The ongoing conflict in Syria has quickly become one of the worst humanitarian crisis with more than 11 million people either killed or displaced by violence. Since fighting began in 2011, there are now more than 4.8 million registered Syrian refugees, according to the United Nations High Commissioner for Refugees. But for many Syrian refugees, fleeing the country does not guarantee safety or security. Many face uncertain futures and new hardships while attempting to rebuild their lives in neighboring countries. To mark the courage and strength of refugees around the world, the United Nations established June 20 as World Refugee Day in 2011. The day acts not only as a celebration of refugees' fortitude but as an annual reminder of refugees' plight, be they from Asia, Africa, Europe, the Middle East, or Latin America.
In Jordan, just across the border from Syria, lies Zaatari, the world's largest Syrian refugee camp. An estimated 80,000 people are housed in the camp, with many having lived there since it first opened in 2012. What was meant to be temporary, a safe haven in which to wait out the conflict raging back home, becomes an increasingly more permanent home for many with each passing year. In an attempt to provide for their families' basic needs, build new lives and bring some sense of routine and normalcy back into their lives, many refugees in Zaatari have established their own businesses, creating a micro-economy within the camp, according to a recent report from PBS Newshour's Amy Guttman. But elsewhere, many Syrian refugees find their lives are not so easily rebuilt.
Reports of exploitation, gender-based violence, sexual assault and harassment, and early marriages are stark reminders of how vulnerable refugee populations can be. In Turkey, a country that currently houses 2.7 million Syrian refugees, a refugee camp employee was sentenced to 108 years in prison earlier this month on charges of sexually assaulting eight young refugee boys. A 2014 report from Save the Children found one in every four marriages between Syrian refugees living in Jordan involves a bride under the age of 18.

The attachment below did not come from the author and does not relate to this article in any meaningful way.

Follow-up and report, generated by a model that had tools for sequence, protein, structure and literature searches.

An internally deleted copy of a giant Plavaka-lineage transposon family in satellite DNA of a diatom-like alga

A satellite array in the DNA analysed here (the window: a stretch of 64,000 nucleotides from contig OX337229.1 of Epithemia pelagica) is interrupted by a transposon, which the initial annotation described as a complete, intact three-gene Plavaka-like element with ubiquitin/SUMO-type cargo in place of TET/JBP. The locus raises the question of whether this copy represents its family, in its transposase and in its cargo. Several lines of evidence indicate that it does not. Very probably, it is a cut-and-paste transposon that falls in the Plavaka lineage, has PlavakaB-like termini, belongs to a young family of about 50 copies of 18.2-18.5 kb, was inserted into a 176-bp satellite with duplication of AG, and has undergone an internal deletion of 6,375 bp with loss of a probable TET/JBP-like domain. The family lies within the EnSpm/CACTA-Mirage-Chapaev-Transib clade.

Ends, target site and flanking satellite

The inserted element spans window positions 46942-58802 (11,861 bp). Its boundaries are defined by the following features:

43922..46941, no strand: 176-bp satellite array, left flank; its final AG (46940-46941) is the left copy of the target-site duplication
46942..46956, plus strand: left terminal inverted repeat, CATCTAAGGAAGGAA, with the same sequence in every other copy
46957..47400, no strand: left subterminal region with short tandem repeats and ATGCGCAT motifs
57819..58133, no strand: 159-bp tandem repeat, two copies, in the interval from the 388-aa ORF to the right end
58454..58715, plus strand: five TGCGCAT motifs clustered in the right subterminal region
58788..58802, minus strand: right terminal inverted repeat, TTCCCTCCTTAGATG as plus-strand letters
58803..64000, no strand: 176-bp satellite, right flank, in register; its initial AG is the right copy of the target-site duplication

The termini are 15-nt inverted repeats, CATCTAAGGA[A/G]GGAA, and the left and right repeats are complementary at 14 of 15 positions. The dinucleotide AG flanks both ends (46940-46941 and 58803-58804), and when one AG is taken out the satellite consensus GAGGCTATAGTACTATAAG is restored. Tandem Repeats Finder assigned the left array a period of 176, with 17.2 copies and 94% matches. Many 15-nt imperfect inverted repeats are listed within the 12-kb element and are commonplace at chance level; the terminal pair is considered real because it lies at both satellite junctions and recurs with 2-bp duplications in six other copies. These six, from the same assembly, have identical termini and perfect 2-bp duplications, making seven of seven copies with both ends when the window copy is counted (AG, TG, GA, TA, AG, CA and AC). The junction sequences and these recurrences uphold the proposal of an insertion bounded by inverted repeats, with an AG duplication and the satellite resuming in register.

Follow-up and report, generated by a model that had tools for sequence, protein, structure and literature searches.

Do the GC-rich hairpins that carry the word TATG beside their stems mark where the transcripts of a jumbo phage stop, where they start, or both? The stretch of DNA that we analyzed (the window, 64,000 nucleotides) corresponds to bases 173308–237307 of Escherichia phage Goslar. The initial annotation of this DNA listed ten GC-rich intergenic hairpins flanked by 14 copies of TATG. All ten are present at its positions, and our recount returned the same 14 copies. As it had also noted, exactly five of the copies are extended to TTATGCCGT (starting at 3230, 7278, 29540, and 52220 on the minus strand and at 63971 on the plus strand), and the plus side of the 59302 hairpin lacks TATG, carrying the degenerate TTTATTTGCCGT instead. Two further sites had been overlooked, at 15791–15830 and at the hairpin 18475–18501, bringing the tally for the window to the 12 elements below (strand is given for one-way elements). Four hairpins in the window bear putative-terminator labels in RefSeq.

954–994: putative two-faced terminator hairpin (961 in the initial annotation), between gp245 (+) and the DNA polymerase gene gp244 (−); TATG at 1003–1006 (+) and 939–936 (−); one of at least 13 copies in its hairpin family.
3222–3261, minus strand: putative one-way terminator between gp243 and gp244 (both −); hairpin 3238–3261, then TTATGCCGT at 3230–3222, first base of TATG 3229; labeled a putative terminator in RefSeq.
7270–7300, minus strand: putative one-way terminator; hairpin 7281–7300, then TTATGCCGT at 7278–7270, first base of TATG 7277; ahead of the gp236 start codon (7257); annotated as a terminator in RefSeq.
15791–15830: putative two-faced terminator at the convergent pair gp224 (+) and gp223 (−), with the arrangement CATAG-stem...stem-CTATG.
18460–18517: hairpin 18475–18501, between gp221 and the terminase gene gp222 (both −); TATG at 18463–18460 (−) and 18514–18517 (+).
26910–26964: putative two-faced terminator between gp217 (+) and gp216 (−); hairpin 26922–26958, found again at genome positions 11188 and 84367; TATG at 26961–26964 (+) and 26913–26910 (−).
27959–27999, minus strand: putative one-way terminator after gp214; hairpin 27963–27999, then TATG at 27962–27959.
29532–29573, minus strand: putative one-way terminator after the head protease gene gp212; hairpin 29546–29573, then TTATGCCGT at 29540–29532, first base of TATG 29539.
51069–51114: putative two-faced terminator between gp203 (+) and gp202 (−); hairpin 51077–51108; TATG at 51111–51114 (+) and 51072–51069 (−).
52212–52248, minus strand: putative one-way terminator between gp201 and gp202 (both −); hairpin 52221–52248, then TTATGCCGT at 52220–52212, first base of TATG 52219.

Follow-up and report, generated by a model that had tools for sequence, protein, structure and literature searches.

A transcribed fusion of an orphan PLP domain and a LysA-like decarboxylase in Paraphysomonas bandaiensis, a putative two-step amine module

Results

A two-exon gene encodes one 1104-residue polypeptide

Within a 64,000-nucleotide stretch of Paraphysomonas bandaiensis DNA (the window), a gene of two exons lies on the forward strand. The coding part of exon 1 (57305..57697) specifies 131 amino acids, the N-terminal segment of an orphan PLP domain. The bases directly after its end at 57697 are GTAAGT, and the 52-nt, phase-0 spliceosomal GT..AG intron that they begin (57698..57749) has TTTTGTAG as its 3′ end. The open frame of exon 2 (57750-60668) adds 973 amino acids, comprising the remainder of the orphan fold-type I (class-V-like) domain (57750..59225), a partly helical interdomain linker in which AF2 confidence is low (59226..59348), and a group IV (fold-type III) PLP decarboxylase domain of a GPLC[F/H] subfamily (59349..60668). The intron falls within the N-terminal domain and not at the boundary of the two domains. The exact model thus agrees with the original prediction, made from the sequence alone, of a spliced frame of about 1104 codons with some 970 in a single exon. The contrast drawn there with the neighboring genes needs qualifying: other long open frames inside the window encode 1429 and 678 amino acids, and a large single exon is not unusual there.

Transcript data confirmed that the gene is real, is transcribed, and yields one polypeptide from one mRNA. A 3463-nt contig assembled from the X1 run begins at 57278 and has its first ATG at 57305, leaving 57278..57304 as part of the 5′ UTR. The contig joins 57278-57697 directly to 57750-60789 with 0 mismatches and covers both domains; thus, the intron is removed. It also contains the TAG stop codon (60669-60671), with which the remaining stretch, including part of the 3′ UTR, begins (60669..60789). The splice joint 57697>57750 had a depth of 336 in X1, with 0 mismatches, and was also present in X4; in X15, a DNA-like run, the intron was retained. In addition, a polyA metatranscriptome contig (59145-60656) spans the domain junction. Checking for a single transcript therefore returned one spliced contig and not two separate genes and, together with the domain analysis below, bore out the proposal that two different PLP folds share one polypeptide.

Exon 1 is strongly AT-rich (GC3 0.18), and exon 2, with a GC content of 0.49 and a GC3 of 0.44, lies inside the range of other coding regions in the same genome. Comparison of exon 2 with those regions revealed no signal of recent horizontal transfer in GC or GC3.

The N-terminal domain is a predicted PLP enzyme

On the eve of World Refugee Day, reports surfaced Turkish borders guards had shot and killed at least 11 Syrians, including two women and four children, attempting to cross into the country Sunday. The news highlighted the grim reality many Syrian refugees continue to face five years into the Syrian civil war. Turkey's military denied firing shots "directly on people" and claimed warning shots were fired, but the Syrian Observatory for Human Rights, a monitoring group based in Britain, said it believed Turkish border guards had shot and killed nearly 60 Syrian civilians attempting to flee ongoing conflict in their country by crossing the border since the beginning of the year. Human Rights Watch levied similar accusations in May, claiming Turkish border guards had killed five Syrians and injured 14 others attempting to smuggle themselves across the border in March and April.
Turkey has recently found itself at the center of criticisms related to the international community's handling of the Syrian refugee crisis. The medical aid charity Medecins Sans Frontieres (Doctors Without Borders) recently rejected more than 50 million euros in funding from the European Union in protest of a deal the 28-member bloc struck with Turkey in 2015 to curb the migration of Syrian refugees to Europe. The medical aid charity criticized the deal as "jeopardizing the very concept of the refugee."
Although geographically farther from Syria than many of the countries currently hosting large swaths of Syrian refugees, the U.S. has continued to attempt to play an active role in addressing Syria's humanitarian crisis. The Department of State claims the U.S. is the single-largest donor of humanitarian aid to Syrian refugees with more than $5.1 billion dollars in humanitarian assistance having been given since March 2011.
But for a nation many would argue was built by immigrants, the U.S. has been slow to open its doors to Syrian refugees. Of the more than 40,000 refugees admitted to the United States since October of 2015, only 7 percent are from Syria, despite President Barack Obama's pledge to take in 10,000. (The majority come from Burma, the Democratic Republic of the Congo, and Somalia, according to Pew Research Center.)
Recent events like the Charlie Hebdo attack in Paris and the Orlando shooting have caused mixed feelings toward Syrian refugees in the United States. In Texas, a federal judge dismissed a lawsuit from the state that sought to sue the State Department and block Syrian refugees from being able to resettle within the state. It is a small victory for advocates of Syrian refugees, as presumptive Republican nominee Donald Trump continues to propose anti-Muslim policies like immigration bans, mosque surveillance, and profiling as a means of responding to the threat of terrorism.
Stories of refugees no longer dominate front page headlines. And as they fall out of sight, so too do they often fall out of mind. But on World Refugee Day, please don't think of refugees as numbers, as statistics, or as data in a chart. Think of them as men and women, as fathers and mothers, as sons and daughters. Think of them as someone just like you, who woke up one day to find their world drastically changed by circumstances beyond their control. Think of them as someone who gave up almost everything in exchange for some semblance of safety. Think of them as human. And more importantly, as the sun rises on the day after World Refugee Day, think of them again.